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A heavy load isn’t always the safest road for weightlifting

Published: Sunday, January 26, 2014

Updated: Sunday, January 26, 2014 22:01

At some point, we’ve all found ourselves nervously wincing as we’ve watched someone attempt to perform a haphazard, superhuman feat of strength in the gym.

It’s not uncommon to see someone load up a barbell with an amount of weight he or she can’t handle only to proceed to squat it a mere six inches, knees caving inward and eyes popping out like those of a rabid maniac. Unsafe stunts like this are being facilitated by a “no pain, no gain” performance mindset and a widespread misunderstanding of movement techniques. Don’t let these ideas ruin your workouts and your health.

The human body is an incredibly efficient yet stubborn piece of machinery. When muscular imbalances, altered joint mechanics, or poor understandings of exercises prevent us from performing tasks the way we were designed to carry them out, our bodies will find risky shortcuts to complete the movements.

Though we may be able to get away with biomechanically incorrect compensations for a while, cutting corners will only ingrain shoddy motor control and lead to serious injuries.

“We have confused functionality with physiology,” writes Dr. Kelly Starrett, physical therapist and creator of MobilityWOD.com. “Sure, you can lift heavy loads with a rounded back for a long, long time, but at some point your tissues will fail.”

Just because something works doesn’t mean it’s safe. Bad mechanics may initially allow us to lift more weight, but they also may cause us to develop overuse injuries along with other nasty side effects.

Starrett’s book, “Becoming a Supple Leopard,” is an excellent guide to learning correct movement patterns and correcting musculoskeletal problems that inhibit efficient motion. In it, he attacks the performance-at-any-cost workout mindset that does more for the ego than it does for wellness.

Nothing is more important than proper form when exercising, not even the amount of weight we are lifting.

Lifting a heavy load improperly does more harm than good, overly stressing our tissues and robbing us of potential force production. If a weight is too heavy to lift with good form, it’s too heavy to work out with.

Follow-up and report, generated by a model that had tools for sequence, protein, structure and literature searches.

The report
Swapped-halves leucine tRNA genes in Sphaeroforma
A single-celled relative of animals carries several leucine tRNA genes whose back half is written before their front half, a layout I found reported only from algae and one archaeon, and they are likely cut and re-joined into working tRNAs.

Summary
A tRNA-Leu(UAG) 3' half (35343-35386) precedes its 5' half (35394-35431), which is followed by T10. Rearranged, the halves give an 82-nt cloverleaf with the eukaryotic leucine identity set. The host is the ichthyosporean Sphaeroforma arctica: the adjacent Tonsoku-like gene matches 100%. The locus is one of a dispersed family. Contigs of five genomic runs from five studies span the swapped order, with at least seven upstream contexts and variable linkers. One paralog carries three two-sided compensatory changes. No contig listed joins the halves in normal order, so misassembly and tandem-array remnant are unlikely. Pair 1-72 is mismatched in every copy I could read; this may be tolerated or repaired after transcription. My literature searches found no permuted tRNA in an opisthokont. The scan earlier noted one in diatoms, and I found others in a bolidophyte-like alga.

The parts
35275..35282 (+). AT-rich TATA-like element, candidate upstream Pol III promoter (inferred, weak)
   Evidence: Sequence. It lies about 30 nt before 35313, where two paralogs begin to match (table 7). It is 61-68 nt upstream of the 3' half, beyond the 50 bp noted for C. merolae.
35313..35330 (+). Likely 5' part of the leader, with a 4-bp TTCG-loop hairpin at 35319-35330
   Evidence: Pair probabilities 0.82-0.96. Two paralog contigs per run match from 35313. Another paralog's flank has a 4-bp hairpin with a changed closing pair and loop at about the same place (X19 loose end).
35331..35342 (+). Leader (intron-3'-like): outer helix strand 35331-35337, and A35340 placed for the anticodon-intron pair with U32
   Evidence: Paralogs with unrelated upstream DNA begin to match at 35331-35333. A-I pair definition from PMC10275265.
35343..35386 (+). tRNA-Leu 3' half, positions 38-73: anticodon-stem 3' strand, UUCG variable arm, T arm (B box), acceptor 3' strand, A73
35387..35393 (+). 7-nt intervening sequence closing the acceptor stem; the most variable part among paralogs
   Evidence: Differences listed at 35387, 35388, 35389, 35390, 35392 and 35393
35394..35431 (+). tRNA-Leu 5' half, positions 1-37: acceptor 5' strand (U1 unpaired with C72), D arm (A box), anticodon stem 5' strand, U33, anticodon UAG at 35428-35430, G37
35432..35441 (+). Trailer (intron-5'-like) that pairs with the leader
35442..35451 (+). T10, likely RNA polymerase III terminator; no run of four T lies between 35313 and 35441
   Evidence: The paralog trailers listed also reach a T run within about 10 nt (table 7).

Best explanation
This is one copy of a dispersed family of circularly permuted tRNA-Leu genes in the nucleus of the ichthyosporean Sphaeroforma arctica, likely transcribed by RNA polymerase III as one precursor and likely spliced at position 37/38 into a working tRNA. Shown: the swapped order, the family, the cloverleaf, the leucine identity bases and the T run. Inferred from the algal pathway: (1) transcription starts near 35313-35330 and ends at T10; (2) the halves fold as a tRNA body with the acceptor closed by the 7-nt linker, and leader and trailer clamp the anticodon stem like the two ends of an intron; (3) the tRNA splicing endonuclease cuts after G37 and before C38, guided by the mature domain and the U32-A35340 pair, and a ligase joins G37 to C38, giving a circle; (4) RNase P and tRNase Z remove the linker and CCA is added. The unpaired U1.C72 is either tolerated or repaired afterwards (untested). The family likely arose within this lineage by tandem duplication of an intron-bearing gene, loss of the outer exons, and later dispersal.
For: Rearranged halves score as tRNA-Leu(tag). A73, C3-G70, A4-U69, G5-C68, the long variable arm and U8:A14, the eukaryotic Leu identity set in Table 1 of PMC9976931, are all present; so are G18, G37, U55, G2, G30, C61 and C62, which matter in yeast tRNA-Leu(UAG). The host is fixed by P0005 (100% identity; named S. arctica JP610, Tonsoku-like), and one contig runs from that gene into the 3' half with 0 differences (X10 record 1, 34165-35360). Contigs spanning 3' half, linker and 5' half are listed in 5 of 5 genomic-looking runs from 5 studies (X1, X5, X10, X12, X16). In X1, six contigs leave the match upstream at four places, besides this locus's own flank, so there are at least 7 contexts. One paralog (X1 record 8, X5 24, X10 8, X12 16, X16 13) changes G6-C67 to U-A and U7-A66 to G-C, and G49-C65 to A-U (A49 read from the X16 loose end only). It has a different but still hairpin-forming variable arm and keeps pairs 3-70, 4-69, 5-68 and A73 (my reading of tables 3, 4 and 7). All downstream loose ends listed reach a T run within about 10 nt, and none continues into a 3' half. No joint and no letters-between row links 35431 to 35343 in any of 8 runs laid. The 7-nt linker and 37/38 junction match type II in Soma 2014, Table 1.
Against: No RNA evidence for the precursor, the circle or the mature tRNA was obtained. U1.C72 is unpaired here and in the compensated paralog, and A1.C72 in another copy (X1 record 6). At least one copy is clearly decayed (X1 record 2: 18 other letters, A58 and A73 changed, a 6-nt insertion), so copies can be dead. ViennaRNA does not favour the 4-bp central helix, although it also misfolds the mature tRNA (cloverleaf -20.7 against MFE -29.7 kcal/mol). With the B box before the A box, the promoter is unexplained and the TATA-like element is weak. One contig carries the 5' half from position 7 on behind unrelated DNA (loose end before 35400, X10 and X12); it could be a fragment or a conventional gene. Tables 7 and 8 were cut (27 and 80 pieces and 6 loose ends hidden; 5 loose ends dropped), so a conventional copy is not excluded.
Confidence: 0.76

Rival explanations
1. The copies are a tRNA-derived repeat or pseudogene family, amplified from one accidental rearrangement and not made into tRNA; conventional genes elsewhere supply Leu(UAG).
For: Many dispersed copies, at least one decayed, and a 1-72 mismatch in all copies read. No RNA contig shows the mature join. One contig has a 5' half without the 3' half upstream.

Research correct techniques before attempting an exercise, and practice the movement without added weight before increasing the load. You wouldn’t study the basic mechanics of a firearm using a loaded gun; don’t learn the basic mechanics of your body using a loaded barbell.

In addition to Starrett’s highly recommended text, Starting Strength by Mark Rippetoe, Strength Training Anatomy by Frederic Delavier, and Bodybuilding.com/Exercises are great resources anyone interested in taking advantage of the benefits of resistance training should consult.

Each source does an excellent job of explaining workout movements, and the books listed will pay for themselves ten times over by preventing injuries.

Unless you’re a competitive athlete who understands the risks of sacrificing technique for performance, keep your workout sessions safe to get results without injury-related setbacks.

Though progressively overloading the muscles is necessary to see positive adaptations from weight lifting, it should always be done safely and with proper technique. No one has anything to prove to anybody in the gym, and correct movement patterns will take us further than sloppily lifting weights too heavy ever will.

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